UPDATE: Due to coronavirus pandemic and lockdown of the Czech Republic this exhibition has been postponed. It will now open on 25 September 2020 and run until 31 January 2021.
The National Gallery Prague, in cooperation with the Wallraf-Richartz-Museum in Cologne, Germany, is preparing an exhibition to mark the occasion of the 350th anniversary of the death of major Netherlandish painter Rembrandt Harmenszoon van Rijn (1606, Leiden – 1669, Amsterdam).
The exhibition’s central work is the portrait Scholar in His Study from the collections of the National Gallery Prague, which Rembrandt painted in 1634, a very successful time in his professional and private life. The portrait captures not only the physical appearance of an unknown elderly man, but also his dramatic spiritual life; the man’s facial expression tells a rich story elevating the painting to a level of historical significance. Yet this rare work conceals more questions than answers. In several interconnected parts, the exhibition project seeks to explore the theme of cognition and learning, contemplation and intimacy from various angles – from the artist’s beginnings and early works in this theme’s context to his increasing popularity in Amsterdam in the 1630s, relevant works by his students and contemporaries and the modern understanding of Rembrandt’s oeuvre.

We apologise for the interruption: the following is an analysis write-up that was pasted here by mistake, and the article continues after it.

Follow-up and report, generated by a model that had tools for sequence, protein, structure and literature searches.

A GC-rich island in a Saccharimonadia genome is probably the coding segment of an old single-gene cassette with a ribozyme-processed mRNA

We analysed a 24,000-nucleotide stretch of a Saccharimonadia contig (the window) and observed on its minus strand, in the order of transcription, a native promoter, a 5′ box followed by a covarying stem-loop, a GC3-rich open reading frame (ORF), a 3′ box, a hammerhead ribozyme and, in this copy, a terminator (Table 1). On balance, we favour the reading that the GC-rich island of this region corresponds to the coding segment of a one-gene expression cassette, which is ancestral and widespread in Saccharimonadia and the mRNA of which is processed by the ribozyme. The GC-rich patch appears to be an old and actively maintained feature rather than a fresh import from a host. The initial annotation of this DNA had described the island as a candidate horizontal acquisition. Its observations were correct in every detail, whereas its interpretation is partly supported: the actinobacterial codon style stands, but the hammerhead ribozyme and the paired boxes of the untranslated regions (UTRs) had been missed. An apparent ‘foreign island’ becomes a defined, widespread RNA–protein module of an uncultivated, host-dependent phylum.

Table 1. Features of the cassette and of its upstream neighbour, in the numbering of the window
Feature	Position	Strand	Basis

The exhibition will present a number of first-class artworks loaned by major museums and galleries, such as the Metropolitan Museum of Art in New York, the Koninklijk Museum voor Schone Kunsten in Antwerp, the National Gallery in London, The Leiden Collection or the Albertina in Vienna, and also by private collectors.
The exhibition is accompanied by a richly illustrated catalogue with essays by Anja K. Sevcik, Laura E. Thiel-Convery, Wayne Franits, Blanka Kubíková and Lucie Němečková as well as entries to all exhibits with contributions by CODART members Peter van den Brink, Lara Yeager-Crasselt, Leonore van Sloten, Justus Lange, Gero Seelig, Sandra-Kristin Diefenthaler and Marcus Dekiert.
[Text via codart.nl]